If you make a bad property investment and happens to suffer a loss on the disposal of your property, don’t despair. The losses that you suffer on the disposal of that property can be utilised to set off against chargeable gains of your subsequent property disposals until fully utilised.  For individuals, you will still be given the RM10,000 or 10% of chargeable gains exemption first before the losses are utilised against the balance of chargeable gains.

The RPGT Computation

While it is convenient for the common man to remember the effective RPGT rates of 15% for disposal of real properties within 2 years and 10% for disposals after 2 years and up to 5 years, it is also interesting to know how the effective rates are arrived at. It is important to know that the RPGT rates as per the RPGTA since the year 1995 has been as follows:

Through a complex mathematical equation effected by the application of the Real Property Gains Tax (Exemption) Order 2012 on the existing RPGT rates per the RPGTA, we arrive at the effective RPGT rates of 15% and 10% as mentioned above. It is important for the reader to realise here is that if the exemption order were to be revoked in future, RPGT rates would then revert to their original position, ie. ranging from 30% to 5%, depending on the holding period of the property.

About Richard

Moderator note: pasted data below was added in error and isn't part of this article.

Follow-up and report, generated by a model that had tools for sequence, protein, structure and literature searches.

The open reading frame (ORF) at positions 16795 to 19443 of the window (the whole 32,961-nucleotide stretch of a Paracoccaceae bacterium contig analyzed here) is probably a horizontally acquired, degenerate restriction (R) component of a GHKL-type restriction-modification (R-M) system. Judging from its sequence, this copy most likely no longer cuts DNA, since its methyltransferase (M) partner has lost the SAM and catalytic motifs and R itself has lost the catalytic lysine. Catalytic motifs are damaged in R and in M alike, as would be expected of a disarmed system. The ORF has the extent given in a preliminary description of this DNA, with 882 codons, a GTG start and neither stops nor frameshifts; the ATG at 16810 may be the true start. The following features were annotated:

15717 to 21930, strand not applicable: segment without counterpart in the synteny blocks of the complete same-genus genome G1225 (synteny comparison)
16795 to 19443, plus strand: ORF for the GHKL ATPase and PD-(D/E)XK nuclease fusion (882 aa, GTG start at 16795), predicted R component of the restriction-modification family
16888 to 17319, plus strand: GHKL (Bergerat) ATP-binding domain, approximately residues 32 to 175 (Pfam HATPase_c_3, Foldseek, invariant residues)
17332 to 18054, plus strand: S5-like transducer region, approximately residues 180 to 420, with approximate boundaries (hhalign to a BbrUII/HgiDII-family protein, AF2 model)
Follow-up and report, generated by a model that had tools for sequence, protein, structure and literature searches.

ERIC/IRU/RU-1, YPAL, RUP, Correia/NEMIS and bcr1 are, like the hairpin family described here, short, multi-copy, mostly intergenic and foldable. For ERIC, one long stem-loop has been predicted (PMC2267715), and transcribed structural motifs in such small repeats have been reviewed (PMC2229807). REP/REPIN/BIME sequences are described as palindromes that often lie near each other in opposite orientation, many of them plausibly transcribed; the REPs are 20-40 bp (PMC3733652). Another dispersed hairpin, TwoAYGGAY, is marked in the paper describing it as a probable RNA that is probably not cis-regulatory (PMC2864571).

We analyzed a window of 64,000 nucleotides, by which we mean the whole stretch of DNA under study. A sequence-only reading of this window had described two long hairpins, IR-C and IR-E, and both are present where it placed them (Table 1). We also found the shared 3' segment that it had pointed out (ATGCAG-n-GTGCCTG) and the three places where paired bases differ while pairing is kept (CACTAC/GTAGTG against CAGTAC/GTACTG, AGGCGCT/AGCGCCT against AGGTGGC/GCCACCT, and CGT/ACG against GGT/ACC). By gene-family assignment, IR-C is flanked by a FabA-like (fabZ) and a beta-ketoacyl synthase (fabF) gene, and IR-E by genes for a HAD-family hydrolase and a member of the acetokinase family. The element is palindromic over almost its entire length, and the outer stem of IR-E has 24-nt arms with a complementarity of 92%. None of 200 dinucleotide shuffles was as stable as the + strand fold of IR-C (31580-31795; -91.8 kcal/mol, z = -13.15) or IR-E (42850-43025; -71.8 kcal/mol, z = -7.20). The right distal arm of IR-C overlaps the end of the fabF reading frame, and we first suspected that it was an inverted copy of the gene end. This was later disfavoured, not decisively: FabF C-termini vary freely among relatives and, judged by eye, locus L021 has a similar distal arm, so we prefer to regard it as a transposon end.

Richard Oon Hock Chye has more than 25 years of experience in taxation and business advice, with particular expertise in Malaysian property law. He began his taxation career with Deloitte Touche Tohmatsu, a ‛Big Four’ accounting firm, before starting his own practice, ConsulNet Tax Services Sdn. Bhd., in 1996. He is currently the National Tax Director of TY Teoh International, one of the leading consulting service providers in Malaysia. It is a member of the MSI Global Alliance, a global network of more than 250 independent legal and accounting firms, in over 100 countries. Richard sits on the board of two companies listed on the Main Board of Bursa Malaysia, as an independent non-executive director. He is also a regular contributor to several magazines and publications, and has shared his tax expertise on numerous occasions with organisations and property developers. As well as being a member of the Malaysian Institute of Accountants (MIA), Richard is a fellow member of both the Association of Chartered Certified Accountants (ACCA) and the Chartered Tax Institute of Malaysia (CTIM). He is a Certified Financial Planner (CFP) and holds a tax agent licence issued by the Ministry of Finance. Richard is also the author of the book, ‘Every Property Investor’s Guide To How To Pay Less Tax Legally’.